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Hot Chip’s unlikely blue-eyed soul crooner Taylor saunters on to duet with Gallab on “Good Name,” then on “Atomic Bomb,” comically exchanges some sultry flirting with the Lijadus, resplendent in glittering purple and gold gowns, bringing to mind Woody Allen trading verses with the Supremes, the gurgling garage-band organ resembling nothing so much as the African version of “96 Tears.” “I’m gonna explode,” sings Taylor, and we’re suddenly caught up in the undulating beat until time stands still and we’re transported by the primal groove.
Byrne takes the stage for “Love Me Now,” a combination of the fundamentalist reverend of “Once in a Lifetime” and the guy leading a hoedown in True Stories, followed by Bloc Party singer Okereke, resplendent in an African dashiki, leads the band through a ska--flavored “Heaven & Hell,” complete with chunky horns, Gallab’s staccato piano riffs and a breathless Redman tenor sax solo which brings down the house.
The Lijadu Sisters take the stage for a two-song interlude, “Danger” and “Life’s Gone Down Low,” though their vocals were mixed a little too low to make the kind of impact their infectious energy deserved.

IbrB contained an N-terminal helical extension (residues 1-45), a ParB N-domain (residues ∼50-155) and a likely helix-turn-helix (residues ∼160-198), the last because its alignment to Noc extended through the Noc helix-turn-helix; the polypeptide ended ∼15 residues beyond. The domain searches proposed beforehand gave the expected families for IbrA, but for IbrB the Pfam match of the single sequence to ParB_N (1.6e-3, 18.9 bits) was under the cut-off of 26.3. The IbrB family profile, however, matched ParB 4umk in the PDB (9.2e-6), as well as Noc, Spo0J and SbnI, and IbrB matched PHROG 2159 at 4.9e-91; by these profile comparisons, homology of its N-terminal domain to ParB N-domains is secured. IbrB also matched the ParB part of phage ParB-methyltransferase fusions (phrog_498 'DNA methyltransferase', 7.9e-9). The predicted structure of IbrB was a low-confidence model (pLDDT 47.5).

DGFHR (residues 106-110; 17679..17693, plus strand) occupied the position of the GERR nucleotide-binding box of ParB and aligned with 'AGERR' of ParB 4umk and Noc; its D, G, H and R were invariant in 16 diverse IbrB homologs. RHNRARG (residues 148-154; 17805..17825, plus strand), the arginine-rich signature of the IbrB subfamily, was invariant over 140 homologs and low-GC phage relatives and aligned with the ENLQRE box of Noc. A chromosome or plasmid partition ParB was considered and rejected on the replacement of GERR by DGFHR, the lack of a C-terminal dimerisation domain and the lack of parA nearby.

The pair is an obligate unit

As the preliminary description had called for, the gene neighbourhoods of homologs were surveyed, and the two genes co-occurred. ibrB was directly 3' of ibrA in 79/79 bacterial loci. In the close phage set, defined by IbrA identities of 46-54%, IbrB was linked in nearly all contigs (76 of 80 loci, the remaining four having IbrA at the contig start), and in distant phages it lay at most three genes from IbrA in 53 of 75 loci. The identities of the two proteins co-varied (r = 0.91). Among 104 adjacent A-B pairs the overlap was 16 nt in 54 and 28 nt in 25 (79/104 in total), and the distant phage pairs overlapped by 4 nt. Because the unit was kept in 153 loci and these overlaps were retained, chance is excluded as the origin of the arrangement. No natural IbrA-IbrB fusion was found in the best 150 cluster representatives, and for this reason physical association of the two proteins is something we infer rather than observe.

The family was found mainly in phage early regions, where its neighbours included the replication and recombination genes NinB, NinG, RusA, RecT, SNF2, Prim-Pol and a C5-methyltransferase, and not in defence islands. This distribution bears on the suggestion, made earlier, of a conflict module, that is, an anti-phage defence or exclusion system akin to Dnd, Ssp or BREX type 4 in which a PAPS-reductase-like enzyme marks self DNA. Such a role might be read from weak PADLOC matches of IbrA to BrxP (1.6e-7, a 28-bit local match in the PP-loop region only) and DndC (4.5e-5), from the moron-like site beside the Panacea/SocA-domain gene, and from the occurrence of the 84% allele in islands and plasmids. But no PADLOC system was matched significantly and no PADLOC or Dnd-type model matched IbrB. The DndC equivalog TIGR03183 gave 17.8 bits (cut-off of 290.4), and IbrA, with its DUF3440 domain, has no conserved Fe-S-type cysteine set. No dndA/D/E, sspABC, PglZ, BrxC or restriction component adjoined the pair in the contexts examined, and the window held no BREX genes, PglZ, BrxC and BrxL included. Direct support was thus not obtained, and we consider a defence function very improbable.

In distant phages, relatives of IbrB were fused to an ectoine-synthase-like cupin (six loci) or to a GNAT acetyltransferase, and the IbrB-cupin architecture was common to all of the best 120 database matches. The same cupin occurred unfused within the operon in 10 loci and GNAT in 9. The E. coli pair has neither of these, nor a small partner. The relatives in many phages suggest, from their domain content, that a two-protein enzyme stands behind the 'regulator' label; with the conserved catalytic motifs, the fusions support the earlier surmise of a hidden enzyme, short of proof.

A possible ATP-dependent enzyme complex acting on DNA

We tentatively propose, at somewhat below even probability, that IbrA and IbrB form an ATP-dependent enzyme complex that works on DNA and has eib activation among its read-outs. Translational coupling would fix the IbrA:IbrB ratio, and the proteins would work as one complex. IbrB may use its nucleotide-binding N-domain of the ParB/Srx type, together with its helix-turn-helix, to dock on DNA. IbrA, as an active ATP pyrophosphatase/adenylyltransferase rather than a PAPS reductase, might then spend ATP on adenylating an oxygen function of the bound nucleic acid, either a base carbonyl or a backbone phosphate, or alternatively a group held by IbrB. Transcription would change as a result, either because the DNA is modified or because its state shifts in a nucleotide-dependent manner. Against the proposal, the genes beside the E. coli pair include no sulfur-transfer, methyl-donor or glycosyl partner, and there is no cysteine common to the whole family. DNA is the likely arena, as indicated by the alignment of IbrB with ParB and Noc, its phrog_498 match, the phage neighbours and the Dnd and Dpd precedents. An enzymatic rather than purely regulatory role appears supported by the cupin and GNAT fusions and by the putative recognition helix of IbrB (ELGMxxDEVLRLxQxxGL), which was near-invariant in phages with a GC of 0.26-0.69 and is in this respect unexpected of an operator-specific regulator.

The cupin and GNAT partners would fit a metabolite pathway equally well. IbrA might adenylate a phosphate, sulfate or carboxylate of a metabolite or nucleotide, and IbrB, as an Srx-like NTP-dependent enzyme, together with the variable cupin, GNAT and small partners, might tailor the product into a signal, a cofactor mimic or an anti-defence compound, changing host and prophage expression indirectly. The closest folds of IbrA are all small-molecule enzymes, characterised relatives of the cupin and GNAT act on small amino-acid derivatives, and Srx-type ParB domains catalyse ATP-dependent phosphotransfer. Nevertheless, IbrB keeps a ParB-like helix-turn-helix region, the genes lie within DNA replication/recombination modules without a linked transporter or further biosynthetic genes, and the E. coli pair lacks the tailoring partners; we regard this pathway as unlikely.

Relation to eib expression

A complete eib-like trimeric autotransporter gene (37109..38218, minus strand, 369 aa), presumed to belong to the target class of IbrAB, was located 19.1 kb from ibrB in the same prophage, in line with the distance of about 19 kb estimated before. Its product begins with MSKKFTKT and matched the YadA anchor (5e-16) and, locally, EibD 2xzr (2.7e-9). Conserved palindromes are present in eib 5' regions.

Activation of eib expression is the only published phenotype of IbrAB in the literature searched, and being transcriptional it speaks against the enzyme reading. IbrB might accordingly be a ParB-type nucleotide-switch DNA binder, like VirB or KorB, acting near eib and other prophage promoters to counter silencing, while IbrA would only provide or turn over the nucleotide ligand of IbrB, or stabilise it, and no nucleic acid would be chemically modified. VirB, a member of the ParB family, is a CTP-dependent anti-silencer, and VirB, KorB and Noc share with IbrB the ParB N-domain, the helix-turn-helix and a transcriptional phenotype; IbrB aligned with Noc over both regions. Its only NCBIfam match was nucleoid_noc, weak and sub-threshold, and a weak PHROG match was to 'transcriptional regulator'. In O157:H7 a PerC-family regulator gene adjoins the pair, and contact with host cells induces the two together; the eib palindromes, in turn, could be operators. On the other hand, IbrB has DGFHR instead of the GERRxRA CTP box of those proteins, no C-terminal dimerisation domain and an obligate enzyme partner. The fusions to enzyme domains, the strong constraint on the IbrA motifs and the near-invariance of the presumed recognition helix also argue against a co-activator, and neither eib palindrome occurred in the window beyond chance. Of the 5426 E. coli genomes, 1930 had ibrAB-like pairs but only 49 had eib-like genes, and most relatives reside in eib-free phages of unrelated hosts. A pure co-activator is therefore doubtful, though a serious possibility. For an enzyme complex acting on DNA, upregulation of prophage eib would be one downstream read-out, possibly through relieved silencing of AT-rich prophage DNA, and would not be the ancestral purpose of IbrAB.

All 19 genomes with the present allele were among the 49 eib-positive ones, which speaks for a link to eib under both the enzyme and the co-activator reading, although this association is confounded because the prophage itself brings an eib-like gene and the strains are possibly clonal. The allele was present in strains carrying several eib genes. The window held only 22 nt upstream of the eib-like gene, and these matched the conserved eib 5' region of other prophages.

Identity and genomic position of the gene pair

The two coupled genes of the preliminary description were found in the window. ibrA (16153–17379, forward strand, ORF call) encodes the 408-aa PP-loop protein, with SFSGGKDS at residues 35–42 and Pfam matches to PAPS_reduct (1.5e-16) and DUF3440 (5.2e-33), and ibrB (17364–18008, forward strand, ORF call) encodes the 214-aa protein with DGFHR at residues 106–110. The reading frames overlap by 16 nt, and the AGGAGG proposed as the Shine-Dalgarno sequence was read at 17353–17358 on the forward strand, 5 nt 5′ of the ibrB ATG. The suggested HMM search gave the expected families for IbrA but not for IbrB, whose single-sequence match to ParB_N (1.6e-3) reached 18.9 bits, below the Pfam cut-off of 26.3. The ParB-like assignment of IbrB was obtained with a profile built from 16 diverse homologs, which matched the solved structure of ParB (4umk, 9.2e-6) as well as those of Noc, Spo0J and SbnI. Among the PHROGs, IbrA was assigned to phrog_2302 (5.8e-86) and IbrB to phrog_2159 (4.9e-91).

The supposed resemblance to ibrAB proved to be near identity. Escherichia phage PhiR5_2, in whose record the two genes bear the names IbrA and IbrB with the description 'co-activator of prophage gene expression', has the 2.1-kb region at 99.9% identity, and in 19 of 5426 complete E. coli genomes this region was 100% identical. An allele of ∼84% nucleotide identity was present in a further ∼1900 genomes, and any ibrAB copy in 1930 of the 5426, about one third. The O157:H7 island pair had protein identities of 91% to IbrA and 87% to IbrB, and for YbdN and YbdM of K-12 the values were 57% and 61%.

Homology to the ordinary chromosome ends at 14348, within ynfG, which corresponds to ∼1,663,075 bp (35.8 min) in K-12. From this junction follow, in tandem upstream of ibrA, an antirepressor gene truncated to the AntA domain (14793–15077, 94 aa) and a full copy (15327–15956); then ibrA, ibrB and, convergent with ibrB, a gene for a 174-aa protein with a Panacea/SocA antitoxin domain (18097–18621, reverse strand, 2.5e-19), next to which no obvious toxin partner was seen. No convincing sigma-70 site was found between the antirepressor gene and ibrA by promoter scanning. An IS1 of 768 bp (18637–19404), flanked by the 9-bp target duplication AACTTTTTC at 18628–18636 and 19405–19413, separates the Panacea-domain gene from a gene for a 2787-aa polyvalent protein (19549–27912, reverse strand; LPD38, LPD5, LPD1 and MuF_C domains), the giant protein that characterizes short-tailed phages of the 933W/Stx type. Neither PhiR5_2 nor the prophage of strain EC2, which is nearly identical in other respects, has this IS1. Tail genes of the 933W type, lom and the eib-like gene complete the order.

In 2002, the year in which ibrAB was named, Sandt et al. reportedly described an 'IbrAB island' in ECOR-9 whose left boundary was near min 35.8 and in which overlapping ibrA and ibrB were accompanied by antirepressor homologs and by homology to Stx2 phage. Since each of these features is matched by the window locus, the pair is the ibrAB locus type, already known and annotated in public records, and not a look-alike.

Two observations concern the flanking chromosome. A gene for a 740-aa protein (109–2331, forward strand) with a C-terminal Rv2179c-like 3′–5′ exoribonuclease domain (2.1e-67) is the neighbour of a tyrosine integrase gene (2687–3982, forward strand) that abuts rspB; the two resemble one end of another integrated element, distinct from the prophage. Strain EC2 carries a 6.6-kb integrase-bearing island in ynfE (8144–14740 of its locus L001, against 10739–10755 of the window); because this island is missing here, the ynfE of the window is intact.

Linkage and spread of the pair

“Please tell me, tell me, tell me, tell me how I look,” gurgles Byrne, his suit and tie offering a Hank Williams Grand Ole Opry vibe in combination with his 10-gallon topper, teasing the Lijadu gals in “Fantastic Man,” as they answer, “You look so good, fantastic man,” like Billy Crystal channeling Ricardo Montalban on Saturday Night Live, the song spilling out into some weird mix of Tex-Mex, roller rink skating music and Latin dance rhythms.
Kele returns for a climactic “Love is Blind” that bring everyone together in a sacred, call-and-response benediction, the spiritual taking over as the music seeps into our collective soul, space and time suspended along with judgment as sheer momentum powers the undulating mass, who’ve been on their feet for the entire show. As Parliament-Funkadelic might’ve put it, “Free your mind and your ass will follow.”
The encore begins with the cathartic “Better Change Your Mind,” Byrne, Gallab and Okereke joining in on what amounts to a revival meeting, hands in the air, leading to the all-on-board closer, “Smooth & Good,” a soaring rouser that elicits a closing chant, of “higher, higher, higher, higher" that reverberates through the engaged crowd, Money Mark raising his portable keyboard over his head in triumph, the full group taking bows center-stage.
An exhilarating night of music that truly lifted us, and at least sonically answered the question, “Who is William Onyeabor?” with a resounding tribute that must have resonated across the globe to the man himself, ensconced somewhere back in his Nigerian homeland.
Body & Soul (Ahmed Gallab)
Why Go to War (Gallab)
Good Name (Ahmed & Alexis Taylor)
Atomic Bomb (Alexis and Lijadus Sisters)
Love Me Now (David Byrne)
Heaven & Hell (Kele Okereke)
Danger (Lijadus Sisters)
Life’s Gone Down Low” (Lijadus Sisters)
Fantastic Man (Byrne)
Love is Blind (Okereke)
Better Change Your Mind (Byrne, Okereke, Gallab)
Smooth & Good (all)